By Portia Nkani
The economic opportunity in Sub Saharan Africa (SSA) is suddenly slowing down, as some of the major economies are not doing very well in economic growth. Tensions are uphill as some are going into general elections this year.
The recovery continues, albeit at a softer pace as the region continues to face significant uncertainties and downside risks from the global performance. Global uncertainties including the US trade and monetary policies, capital outflows, domestic political risks, fiscal vulnerabilities, volatile weather conditions and weak policy implementation continue to weigh on the outlook.
As a result of the more challenging environment, the region’s growth is likely to be stuck in the ‘new normal’ of low growth for somewhat longer.
According to the latest release of World Bank’s Global Economic Prospects issue of January 2019, growth in Sub-Saharan Africa is expected to pick up to 3.4 percent in 2019, from an estimated at 2.7 percent in 2018 slower than expected partly due to weaknesses in Angola, Nigeria, and South Africa. It is expected to further slightly rise to an average of 3.7 percent in 2020-21.
This is predicated on diminished policy uncertainty and improved investment in large economies, together with continued robust growth in non-resource intensive countries.
These estimates are no far from the same Banks’ Africa Pulse report of late last year when it projected a 3.3 percent rise in 2019 reflecting a rebound in oil production in Nigeria and Angola.
From the economic prospectus report, the three mainly cited powerhouses of SSA: Angola, South Africa and Nigeria are so under pressure and their economies have grown at a snail’s pace and once went into a recession during the last year.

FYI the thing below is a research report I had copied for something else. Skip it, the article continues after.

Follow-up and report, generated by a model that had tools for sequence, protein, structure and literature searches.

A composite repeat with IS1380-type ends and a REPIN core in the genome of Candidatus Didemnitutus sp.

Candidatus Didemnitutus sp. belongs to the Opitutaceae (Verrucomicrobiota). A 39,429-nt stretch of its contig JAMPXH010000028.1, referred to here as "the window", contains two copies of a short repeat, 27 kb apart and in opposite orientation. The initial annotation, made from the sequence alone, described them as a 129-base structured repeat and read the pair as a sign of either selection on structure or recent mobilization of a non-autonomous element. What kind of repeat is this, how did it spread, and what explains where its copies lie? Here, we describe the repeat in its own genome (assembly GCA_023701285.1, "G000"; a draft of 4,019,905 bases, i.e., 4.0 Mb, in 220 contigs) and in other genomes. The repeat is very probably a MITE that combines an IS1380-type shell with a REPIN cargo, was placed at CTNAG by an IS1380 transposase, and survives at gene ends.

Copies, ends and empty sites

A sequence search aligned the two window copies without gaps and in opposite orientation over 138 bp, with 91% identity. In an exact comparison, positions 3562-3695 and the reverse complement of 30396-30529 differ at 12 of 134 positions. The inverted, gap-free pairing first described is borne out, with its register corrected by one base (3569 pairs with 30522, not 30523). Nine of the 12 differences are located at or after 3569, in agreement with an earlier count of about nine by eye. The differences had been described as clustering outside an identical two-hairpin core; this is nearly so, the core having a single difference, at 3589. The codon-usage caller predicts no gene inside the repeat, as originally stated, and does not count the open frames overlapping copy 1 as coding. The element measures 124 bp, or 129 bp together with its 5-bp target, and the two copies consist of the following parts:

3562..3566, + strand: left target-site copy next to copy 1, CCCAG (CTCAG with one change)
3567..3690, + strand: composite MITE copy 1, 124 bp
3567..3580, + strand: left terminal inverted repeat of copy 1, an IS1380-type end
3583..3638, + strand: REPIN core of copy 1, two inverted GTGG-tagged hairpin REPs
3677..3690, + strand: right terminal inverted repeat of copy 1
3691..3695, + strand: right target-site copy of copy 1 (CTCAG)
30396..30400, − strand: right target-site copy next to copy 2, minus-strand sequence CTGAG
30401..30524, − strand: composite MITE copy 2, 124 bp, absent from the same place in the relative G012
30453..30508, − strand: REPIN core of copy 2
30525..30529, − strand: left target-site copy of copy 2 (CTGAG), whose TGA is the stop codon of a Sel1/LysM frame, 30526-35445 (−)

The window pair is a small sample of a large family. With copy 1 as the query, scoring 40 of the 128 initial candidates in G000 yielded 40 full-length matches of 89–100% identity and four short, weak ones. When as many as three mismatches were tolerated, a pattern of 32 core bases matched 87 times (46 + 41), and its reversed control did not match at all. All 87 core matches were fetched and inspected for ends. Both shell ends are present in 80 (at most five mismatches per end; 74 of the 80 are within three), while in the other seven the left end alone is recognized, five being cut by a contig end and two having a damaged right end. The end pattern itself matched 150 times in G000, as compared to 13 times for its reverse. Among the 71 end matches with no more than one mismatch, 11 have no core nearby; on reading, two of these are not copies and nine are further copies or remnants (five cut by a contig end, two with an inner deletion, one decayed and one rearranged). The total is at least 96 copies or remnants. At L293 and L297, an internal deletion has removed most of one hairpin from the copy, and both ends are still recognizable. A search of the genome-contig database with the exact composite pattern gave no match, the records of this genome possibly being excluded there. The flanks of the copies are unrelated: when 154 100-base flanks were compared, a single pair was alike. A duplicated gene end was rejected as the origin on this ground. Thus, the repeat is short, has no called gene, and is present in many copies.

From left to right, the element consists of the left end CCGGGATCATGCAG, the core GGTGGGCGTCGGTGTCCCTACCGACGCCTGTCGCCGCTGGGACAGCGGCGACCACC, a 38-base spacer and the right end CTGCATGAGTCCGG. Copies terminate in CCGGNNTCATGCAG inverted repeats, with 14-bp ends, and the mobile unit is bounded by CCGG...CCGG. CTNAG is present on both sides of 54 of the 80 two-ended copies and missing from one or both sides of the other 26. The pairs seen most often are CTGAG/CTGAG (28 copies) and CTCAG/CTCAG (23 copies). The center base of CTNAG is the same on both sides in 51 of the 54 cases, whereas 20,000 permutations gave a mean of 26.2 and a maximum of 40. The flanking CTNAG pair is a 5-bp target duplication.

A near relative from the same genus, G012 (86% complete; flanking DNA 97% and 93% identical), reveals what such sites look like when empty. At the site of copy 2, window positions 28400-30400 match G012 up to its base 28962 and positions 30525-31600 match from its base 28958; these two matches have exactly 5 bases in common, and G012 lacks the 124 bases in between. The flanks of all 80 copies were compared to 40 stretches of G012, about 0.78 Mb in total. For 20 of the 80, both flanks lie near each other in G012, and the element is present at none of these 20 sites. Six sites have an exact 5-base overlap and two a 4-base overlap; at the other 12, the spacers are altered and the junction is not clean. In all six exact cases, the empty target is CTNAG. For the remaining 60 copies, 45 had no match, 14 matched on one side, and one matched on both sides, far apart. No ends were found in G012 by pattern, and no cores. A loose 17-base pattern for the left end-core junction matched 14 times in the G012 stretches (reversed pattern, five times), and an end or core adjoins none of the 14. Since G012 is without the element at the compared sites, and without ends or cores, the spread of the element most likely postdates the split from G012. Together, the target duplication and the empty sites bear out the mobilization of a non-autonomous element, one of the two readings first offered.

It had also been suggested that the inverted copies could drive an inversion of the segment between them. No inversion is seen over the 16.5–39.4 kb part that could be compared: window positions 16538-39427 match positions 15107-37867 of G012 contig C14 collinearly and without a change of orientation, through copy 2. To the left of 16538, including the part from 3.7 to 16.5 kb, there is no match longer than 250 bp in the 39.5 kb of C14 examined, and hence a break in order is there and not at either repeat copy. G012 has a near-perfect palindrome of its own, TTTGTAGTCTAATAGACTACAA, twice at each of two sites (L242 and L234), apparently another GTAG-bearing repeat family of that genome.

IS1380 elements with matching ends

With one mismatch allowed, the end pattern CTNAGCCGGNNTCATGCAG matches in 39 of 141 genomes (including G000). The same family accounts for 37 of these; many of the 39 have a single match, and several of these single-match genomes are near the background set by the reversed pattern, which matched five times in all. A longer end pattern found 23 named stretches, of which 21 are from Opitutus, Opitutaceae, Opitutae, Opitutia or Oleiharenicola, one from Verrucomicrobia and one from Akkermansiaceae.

In Nigeria, oil production fell, partly owing to pipeline closures in mid-2018, while non-oil activity was dampened by lackluster consumer demand, as well as conflicts over land between farmers and herders that disrupted crop production.
In Angola, the region’s second largest oil exporter-stagnant non-oil activity was aggravated by a contraction in oil production, which fell sharply due to underinvestment and to key oil fields reaching maturity.
South Africa’s economy emerged from a technical recession in the second half of 2018, in part due to improved activity in the agricultural and manufacturing sectors. However, report shows “growth remains subdued, as challenges in the mining sector and weak construction activity are compounded by policy uncertainty and low business confidence.” Against this backdrop, the South African government announced measures to support the economy through reprioritized spending and structural reforms to improve the business environment and infrastructure delivery.
Even though Botswana has not been singled out in the Banks’ report, from the local observations, the country’s economic growth gained momentum in Q2 2018, driven by improved consumer and investment spending.
Having recovered from the impact of the emerging market currency fallout on the South African Rand in the last few months, Botswana Pula is expected to strengthen to 10.63 US dollar during the last 2018 quarter.
In a recent interaction with South Africa based, Absa Chief Economist, Jeff Gable in his Sub Saharan Africa Research presentation in Grahamstown, said, for the last five years South Africa, the second fastest growing economies in the world has grown slowly at 5-6 percent. Nigeria which is also Africa’s biggest economies has been growing at 6-7 percent, it then slowed and went deeper into recession. South Africa, Angola and Nigeria are 2/3 of the continent’s GDP. “The economic opportunity is suddenly going less. The African aggregation is not going to be helpful,” he said sharing his thoughts.
In South Africa growth falters with elections looming. South Africa entered its first recession in Q2 2018 as GDP contracted 0.7 percent from quarter to quarter, since the global financial crisis. General elections are likely in April/May 2019, and while the factional divide within the African National Congress remains, the party seems unlikely to lose its majority, according to Absa researcher.